My parent’s friends and family kept pressing my parents to have it checked but my dad was in denial until one point, where I guess it was our family doctor, confronted him. He told my dad I needed to have my ear amputated and to go through radioactive chemotherapy.

From what I gather, my dad said, “Fuck that,” and instead took me to a specialist in San Francisco. They removed it, leaving a big hole in my ear, and replaced the tissue with skin grafts from my back. The biopsy confirmed it was indeed cancerous. I never did receive the chemo, because my dad didn’t believe in it.

This is what my parents told me: “They have no idea what it was. It was so weird that they sent the mole to the Smithsonian.”

For years I believed this, and used to joke that it was probably a tracking device that aliens implanted in me when I was a youngster. Then one day, after my parents had split up and my mom was living up in the mountains, I was visiting with her with my then wife Becky and our little baby daughter, and I said something about the mole and how it had been sent to the Smithsonian.

My mom laughed and said, “Oh no. No. That was cancer. It was juvenile melanoma.”

“WHAT?!”

“Oh yeah,” she said, “you had cancer. You probably got it from being in the desert sun so much when you were a kid.”

Needless to say, I was stunned.

I tend to forget about this, so maybe they really did do me a favor. When I’m around cancer survivors I keep forgetting I am also one. Then when it dawns on me, and I finally do say, “Yes, me too,” I don’t really feel legit, because I didn’t go through all the crap that most cancer survivors go through.

And so fast forward another 30 years, and here I am waiting to get results back from a blood test. Here’s something I feel oddly guilty about: I’m not worried.

We’ll see how I’m feeling come Monday afternoon.

Update: Spiral Into Oblivion

Resurrection on Thanksgiving Day

I need a place to publically doodle with words.

In asking myself “Why?” I get no real answer. Why is it I can’t just write this down on paper? Why can’t I just type it into a document file? Why do I feel I need to share this rambling nonsense with the rest of the world when actually I’d rather hide from it all?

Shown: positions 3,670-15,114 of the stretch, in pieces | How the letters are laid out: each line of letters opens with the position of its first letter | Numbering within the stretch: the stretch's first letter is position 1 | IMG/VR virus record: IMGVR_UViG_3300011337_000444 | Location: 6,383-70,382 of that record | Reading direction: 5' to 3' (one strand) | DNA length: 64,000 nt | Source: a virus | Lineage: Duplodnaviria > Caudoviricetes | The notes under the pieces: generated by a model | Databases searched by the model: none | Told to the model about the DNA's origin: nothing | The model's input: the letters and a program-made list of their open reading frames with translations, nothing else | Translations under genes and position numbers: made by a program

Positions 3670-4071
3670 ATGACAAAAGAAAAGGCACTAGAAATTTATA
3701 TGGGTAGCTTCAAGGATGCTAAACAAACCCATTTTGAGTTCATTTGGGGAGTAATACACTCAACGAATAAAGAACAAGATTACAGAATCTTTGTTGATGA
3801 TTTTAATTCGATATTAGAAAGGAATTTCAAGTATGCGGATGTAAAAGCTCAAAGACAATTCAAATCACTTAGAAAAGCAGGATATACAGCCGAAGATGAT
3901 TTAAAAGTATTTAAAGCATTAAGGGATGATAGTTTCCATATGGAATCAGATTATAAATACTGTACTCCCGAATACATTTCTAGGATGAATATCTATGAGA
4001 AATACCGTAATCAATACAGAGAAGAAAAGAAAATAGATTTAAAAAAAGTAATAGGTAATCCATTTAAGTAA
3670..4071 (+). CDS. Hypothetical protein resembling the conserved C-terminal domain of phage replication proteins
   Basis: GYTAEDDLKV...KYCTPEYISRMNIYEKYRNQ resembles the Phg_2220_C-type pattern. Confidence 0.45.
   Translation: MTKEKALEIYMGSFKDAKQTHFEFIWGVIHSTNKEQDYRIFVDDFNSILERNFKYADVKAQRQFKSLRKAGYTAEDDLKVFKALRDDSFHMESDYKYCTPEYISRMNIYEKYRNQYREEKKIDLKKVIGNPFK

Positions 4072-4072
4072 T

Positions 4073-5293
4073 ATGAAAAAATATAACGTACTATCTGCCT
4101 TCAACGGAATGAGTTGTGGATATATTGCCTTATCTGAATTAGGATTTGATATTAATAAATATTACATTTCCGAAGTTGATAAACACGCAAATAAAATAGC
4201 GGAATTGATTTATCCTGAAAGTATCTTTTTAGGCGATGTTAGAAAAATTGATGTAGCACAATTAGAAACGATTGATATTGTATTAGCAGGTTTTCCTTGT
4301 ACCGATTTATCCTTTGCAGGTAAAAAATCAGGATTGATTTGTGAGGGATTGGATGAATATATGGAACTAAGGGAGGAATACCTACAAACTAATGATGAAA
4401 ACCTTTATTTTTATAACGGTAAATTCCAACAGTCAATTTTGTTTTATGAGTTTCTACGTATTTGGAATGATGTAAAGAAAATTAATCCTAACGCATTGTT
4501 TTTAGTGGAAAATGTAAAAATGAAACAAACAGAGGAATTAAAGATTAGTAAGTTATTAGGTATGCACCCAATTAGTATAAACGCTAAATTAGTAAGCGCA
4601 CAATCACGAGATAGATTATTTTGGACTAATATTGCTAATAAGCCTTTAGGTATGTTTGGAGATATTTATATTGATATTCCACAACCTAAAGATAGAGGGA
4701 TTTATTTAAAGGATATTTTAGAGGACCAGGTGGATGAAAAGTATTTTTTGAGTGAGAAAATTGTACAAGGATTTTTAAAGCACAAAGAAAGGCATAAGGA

I have no idea.

This blog has actually existed in one form or another as far back as the 1990s, from before they were called “blogs” (they were generally referred to as “web journals”). So, while I’m kicking the tires on this new incarnation, and working my way through themes to choose one that matches how I feel, I’ll reach way back through time and post something from this day back in the year 2005:

11/22/2005

OpenOffice.org 2.0

Filed under: Reviews — Jerry @ 6:59 pm

I’m still working on a story, still writing it in OpenOffice 2.0 Writer.

I really wanted to like this word processor. I mean, I really really wanted to like it. It’s free, it’s open source, it’s got the blessing of Google and Sun Microsystems.

Previously I reported it to be “clunky.”

Yes, it’s clunky. It’s damn clunky. I hate it. I really am totally hating writing this story in it. I can’t wait to finish the story so I can erase the whole damn suite off my computer.

Sorry OpenOffice people, but Microsoft’s got me too spoiled. And now I find myself salivating at the promise of a new Microsoft Word version coming out next year.

Now, all that being said, let me throw OpenOffice.Org a bone: it’s better than nothing. In fact, had I not already been spoiled by Word, I probably would be singing praises for OOO. And, also, I hated the last version of WordPerfect I tried, too.

So, that’s the end of this experiment for me. I’m done. And having said that, I guess it’s okay for me to copy my story out of OOO and into Word and just get it over with.